Know Your Servant #1
Martha Rosler, 1976, Reina Sofía Museum
The work of American conceptual artist Martha Rosler focuses on social and political themes. Through different forms of expression, such as video, photo and performance, she criticizes aspects of life, often quotidian, usually from a feminist perspective. In the series Know your Servant #1, Rosler combines text and photography — something that has grown increasingly common since the beginning of the 20th century, and ever present in conceptual art — to sarcastically discuss American waitresses and the physical and behavioral requirements they must follow to be perfect menials. She uses an old drawing of a perfectly beautiful waitress to present the instructions, like “stocking free of wrinkles,” “make up simple” and “nails manicured.” There are more documents with rules and instructions, in a serious, believable tone, and pictures of waitresses (and of a male client staring at one of them), creating a profound, pointed criticism.
Marina Abramovic and Ulay, 1978, Reina Sofía Museum
Serbian Marina Abramovic is the most important performance artist of all time. In the late ’70s and the ’80s, she had a turbulent relationship with German artist Ulay, and they did many performative works together before breaking up in a very poetic way — they walked from opposite ends of the Great Wall of China, met in the middle and said goodbye. While together, they recorded and photographed themselves in very extreme situations, both physically and emotionally. The performance video of AAA-AAA starts with Abramovic explaining the action: “We are facing each other both producing continuous vocal sound, we slowly build up the tension, our faces coming closer together until we are screaming into each other’s open mouths.” That’s exactly what they do, in a 9-minute-long sequence where tension is slowly built up until it reaches a level that is truly hard to watch, because of the powerful feelings that are aroused — feelings that bring us closer to the purity of life and art.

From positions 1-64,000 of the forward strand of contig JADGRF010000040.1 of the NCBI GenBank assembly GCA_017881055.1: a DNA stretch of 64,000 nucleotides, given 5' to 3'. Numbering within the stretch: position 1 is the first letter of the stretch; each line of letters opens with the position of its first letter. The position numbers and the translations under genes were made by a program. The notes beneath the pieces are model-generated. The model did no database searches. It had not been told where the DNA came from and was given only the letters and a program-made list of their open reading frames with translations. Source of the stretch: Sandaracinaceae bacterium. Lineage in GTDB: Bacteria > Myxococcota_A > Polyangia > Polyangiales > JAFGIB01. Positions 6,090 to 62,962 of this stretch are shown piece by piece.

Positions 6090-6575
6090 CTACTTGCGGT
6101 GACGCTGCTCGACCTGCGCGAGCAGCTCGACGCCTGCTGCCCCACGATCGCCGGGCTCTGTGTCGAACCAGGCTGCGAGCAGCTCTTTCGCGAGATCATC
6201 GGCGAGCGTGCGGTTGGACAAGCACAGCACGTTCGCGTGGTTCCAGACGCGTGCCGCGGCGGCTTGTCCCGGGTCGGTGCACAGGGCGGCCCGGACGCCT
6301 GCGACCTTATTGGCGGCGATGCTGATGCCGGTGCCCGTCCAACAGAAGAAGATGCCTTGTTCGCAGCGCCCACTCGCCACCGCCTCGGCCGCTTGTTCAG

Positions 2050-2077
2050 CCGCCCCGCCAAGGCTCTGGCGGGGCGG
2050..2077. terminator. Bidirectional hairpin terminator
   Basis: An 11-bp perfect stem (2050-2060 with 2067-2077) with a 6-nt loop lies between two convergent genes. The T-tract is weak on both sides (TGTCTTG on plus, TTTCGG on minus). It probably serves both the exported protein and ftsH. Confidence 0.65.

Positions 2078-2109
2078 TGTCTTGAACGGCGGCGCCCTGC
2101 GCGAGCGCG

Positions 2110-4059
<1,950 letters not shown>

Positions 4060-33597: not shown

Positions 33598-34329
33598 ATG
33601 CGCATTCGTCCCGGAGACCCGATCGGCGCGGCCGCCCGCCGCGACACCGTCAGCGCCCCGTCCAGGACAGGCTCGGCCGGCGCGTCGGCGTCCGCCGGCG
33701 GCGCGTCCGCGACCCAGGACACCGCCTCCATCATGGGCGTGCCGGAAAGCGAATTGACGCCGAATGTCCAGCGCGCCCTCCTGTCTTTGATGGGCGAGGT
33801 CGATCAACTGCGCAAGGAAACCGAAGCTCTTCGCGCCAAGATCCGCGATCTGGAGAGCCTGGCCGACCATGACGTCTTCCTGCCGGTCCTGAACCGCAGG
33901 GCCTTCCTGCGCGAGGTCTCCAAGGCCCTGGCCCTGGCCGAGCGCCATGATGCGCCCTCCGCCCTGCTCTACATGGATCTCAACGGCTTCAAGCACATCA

Information about museums in Madrid
Prado Museum Tickets and Hours
Admission: Adults €16, Visitors aged 18 and under (25 and under if students) – free. Free every day from 6 pm to 8 pm and Sundays and holidays from 5 pm to 7 pm
Opening hours: Daily 10 am – 8 pm, Sundays and holidays 5 pm – 7 pm
Address: Paseo del Prado, s/n 28014 Madrid – Spain
Metro: 1 (Atocha), 2 (Banco de España)
Train: all lines (Atocha)
Bus: 9, 10, 14, 19, 27, 34, 37 and 45
Museum of the Americas Tickets and Hours
Admission: Adults €3, Visitors aged 18 and under and students – free. Free on Sunday
Opening hours: Monday to Saturday 9.30 am – 3 pm, Thursday 9.30 am – 7 pm, Saturday and holiday 10 am – 3 pm. Closed on Monday
Address: Av. de los Reyes Católicos, 6 28040 Madrid – Spain
Metro: 3 (Moncloa), 6 (Moncloa), 7 (Islas Filipinas)
Bus: 1, 2, 16, 44, 46, 61, 82, 113, 132 and 133
Thyssen Museum Tickets and Hours
Admission: Adults €12, Visitors aged 12 and under – free. Free every Monday from 12 pm to 4 pm
Opening hours: Tuesday to Sunday 10 am – 7 pm, Mondays 12 pm – 4 pm
Address: Paseo del Prado, 8 28014 Madrid – Spain
Metro: 2 (Banco de España)
Train: all lines (Atocha), C-1, C-2, C-7, C-8 and C-10 (Recoletos)
Bus: 1, 2, 5, 9, 10, 14, 15, 20, 27, 34, 37, 41, 51, 52, 53, 74, 146 and 150
Reina Sofía Museum Tickets and Hours
Admission: Adults €8, Visitors aged 18 and under (25 and under if students) – free. Free every day from 7 pm to 9 pm and Sundays and holidays from 1.30 pm to 7 pm
Opening hours: Monday to Saturday 10 am – 9 pm, Sunday 10 am – 7 pm (no all collections on view). Closed on Tuesday
Address: Calle de Santa Isabel, 52 28012 Madrid – Spain
Metro: 1 (Atocha), 3 (Lavapiés)
Train: all lines (Atocha)
Bus: 6, 10, 14, 19, 26, 27, 32, 34, 36, 37, 41, 45, 59, 85, 86, 102, 119, C1, C2 and E1